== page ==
• Digital Beginner. These companies embrace the need to change and to succeed in implementing new technologies, resulting in a collection of point solutions. They understand that the way they use technology can be a differentiator; therefore, they experience initial successes working with the latest tools. However, they lack a coherent, end-to-end strategy. Their efforts amount to a collection of initiatives which may be valuable but are not the result of a strategy that addresses how the organization will compete in the digital age.
  • Digital Follower. Followers have a clear digital strategy. They make quick decisions in response to innovations and focus attention where change is needed. While they know where they are going, they still have a lot to do to execute their strategy and become digitally advanced. Agile followers can compete effectively in the market.
  • Digitally Advanced. These companies have progressed their digital transformation efforts by embracing and experimenting with technologies to achieve high levels of automation, a low-cost base, and hyperscale business models that are less dependent on humans in ramping up or down to meet demand. They have a digital mindset at their core, focusing on their culture and people but thinking and acting digitally in everything they do.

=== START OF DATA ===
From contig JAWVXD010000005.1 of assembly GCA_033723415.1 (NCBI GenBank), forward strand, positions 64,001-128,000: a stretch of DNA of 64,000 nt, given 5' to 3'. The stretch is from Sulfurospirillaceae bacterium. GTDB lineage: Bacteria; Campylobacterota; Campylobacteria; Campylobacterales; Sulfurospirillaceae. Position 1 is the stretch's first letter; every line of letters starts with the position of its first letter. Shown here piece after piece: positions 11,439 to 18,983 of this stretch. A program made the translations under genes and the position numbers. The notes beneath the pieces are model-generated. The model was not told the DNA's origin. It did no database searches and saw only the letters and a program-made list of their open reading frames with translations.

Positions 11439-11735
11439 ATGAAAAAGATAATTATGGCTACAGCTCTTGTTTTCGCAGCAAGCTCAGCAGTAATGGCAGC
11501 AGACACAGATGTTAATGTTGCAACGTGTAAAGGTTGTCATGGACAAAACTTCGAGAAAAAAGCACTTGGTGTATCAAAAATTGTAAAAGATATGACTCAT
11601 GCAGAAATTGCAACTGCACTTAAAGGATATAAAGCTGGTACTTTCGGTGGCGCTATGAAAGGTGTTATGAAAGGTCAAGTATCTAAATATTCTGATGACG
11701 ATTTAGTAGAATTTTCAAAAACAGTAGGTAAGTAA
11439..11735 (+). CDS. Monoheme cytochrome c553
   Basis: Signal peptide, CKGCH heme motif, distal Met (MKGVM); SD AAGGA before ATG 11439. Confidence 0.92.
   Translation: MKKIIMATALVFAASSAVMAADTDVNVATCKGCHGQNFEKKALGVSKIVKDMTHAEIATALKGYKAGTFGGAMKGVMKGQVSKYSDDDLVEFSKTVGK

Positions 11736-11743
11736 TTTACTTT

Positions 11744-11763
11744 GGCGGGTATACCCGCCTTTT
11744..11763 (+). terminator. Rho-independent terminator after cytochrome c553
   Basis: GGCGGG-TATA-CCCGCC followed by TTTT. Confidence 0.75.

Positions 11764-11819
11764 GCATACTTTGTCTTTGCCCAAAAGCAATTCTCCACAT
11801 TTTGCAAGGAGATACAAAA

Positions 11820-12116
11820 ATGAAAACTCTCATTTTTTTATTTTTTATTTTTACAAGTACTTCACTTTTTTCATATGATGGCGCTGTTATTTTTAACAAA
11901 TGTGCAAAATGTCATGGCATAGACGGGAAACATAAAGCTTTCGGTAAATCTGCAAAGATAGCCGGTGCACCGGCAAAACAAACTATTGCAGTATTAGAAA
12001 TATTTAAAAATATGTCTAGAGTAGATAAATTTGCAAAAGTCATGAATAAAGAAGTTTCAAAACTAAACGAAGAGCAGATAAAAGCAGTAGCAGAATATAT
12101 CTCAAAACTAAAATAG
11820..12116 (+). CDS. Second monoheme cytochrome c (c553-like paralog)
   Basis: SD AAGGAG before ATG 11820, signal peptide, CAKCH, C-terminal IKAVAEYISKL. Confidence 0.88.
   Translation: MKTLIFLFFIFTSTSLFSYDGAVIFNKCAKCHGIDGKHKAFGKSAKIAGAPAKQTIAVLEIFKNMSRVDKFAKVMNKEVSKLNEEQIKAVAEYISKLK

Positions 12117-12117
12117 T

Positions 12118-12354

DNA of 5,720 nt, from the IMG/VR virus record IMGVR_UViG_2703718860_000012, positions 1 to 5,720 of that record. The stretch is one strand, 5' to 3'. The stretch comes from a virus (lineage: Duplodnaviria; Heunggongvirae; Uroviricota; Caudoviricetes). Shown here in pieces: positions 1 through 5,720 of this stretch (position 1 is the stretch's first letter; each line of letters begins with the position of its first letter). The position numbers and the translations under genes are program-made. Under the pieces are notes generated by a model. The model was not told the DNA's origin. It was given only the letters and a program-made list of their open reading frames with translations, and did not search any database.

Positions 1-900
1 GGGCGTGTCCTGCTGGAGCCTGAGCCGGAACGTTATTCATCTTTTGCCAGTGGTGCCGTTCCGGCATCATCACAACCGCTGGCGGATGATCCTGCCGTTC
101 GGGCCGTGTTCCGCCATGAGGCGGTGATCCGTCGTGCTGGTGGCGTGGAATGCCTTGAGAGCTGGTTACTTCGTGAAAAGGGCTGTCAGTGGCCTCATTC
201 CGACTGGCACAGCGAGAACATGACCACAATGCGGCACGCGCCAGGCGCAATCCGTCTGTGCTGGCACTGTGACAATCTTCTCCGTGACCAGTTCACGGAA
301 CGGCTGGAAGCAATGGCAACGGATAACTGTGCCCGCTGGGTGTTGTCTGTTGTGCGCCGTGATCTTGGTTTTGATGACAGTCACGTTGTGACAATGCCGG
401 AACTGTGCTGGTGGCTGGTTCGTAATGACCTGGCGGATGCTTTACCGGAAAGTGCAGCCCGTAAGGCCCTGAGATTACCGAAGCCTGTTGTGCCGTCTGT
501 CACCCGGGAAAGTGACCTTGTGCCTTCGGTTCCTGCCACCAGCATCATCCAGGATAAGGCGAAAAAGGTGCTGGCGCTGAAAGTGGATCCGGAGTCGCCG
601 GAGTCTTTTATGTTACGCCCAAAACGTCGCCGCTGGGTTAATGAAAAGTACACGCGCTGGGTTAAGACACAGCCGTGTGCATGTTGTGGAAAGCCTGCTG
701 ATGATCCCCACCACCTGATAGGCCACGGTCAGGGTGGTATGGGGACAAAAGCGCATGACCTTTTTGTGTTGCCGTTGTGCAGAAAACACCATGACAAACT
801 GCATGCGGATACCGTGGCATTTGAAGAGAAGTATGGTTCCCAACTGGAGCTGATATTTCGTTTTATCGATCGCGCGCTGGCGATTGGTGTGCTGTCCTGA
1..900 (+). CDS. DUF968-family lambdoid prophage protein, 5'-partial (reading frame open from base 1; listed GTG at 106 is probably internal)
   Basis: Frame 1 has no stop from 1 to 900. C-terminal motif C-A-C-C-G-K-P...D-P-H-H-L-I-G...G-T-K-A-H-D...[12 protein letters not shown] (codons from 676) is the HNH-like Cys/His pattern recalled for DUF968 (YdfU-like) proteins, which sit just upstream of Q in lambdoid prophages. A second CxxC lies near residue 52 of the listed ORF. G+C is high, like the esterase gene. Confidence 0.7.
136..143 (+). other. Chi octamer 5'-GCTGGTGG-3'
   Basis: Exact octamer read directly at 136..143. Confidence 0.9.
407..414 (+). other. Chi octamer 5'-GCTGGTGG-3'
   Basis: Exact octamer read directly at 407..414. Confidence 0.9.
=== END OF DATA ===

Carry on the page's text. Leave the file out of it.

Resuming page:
• Digital Leader. The distinction between companies that are advanced and those that are leaders lies in the proven ability to disrupt industries and traditional ways of thinking. Advanced companies have digitized and are using the latest technology everywhere—but leaders also disrupt. Tesla, Uber Technologies, Airbnb, and Amazon.com have all completely changed their respective industries.

Despite years of dialogue about digital transformation, most companies are still in the beginning stages of digital maturity. They aspire to be, but do not today have, a digital mindset at the core of the business. As companies invest in technology, embrace the cloud, replace legacy applications with next-generation software, build customer-facing websites, and emphasize digital channels, their efforts often result in a digital veneer but do not alter the way the organization thinks and acts.

True digitization occurs at the core, transforming the organization from the inside out to maximize efficiency and resiliency. If a company has a digital mindset, it is going to embrace next-generation digital tools in its strategic thinking and operational execution, and ultimately organize its business model for speed. The digitally-minded company also is more likely to attract the talent it needs to achieve its goals faster than those who give digital transformation mere lip service.

As companies shape and implement their digital strategies, they must recognize that a narrow view of digital transformation puts them at risk of missing out on important market opportunities. The board needs to be proactive in asking the tough questions around whether management is doing the right things, doing enough, and adapting and adjusting to new market realities. A fact-based understanding of where a company is positioned on the digital maturity continuum can lead to dialogue in the C-suite and in the boardroom on exploiting identified strengths and addressing potential weaknesses to drive needed change.

Jim DeLoach is managing director at Protiviti.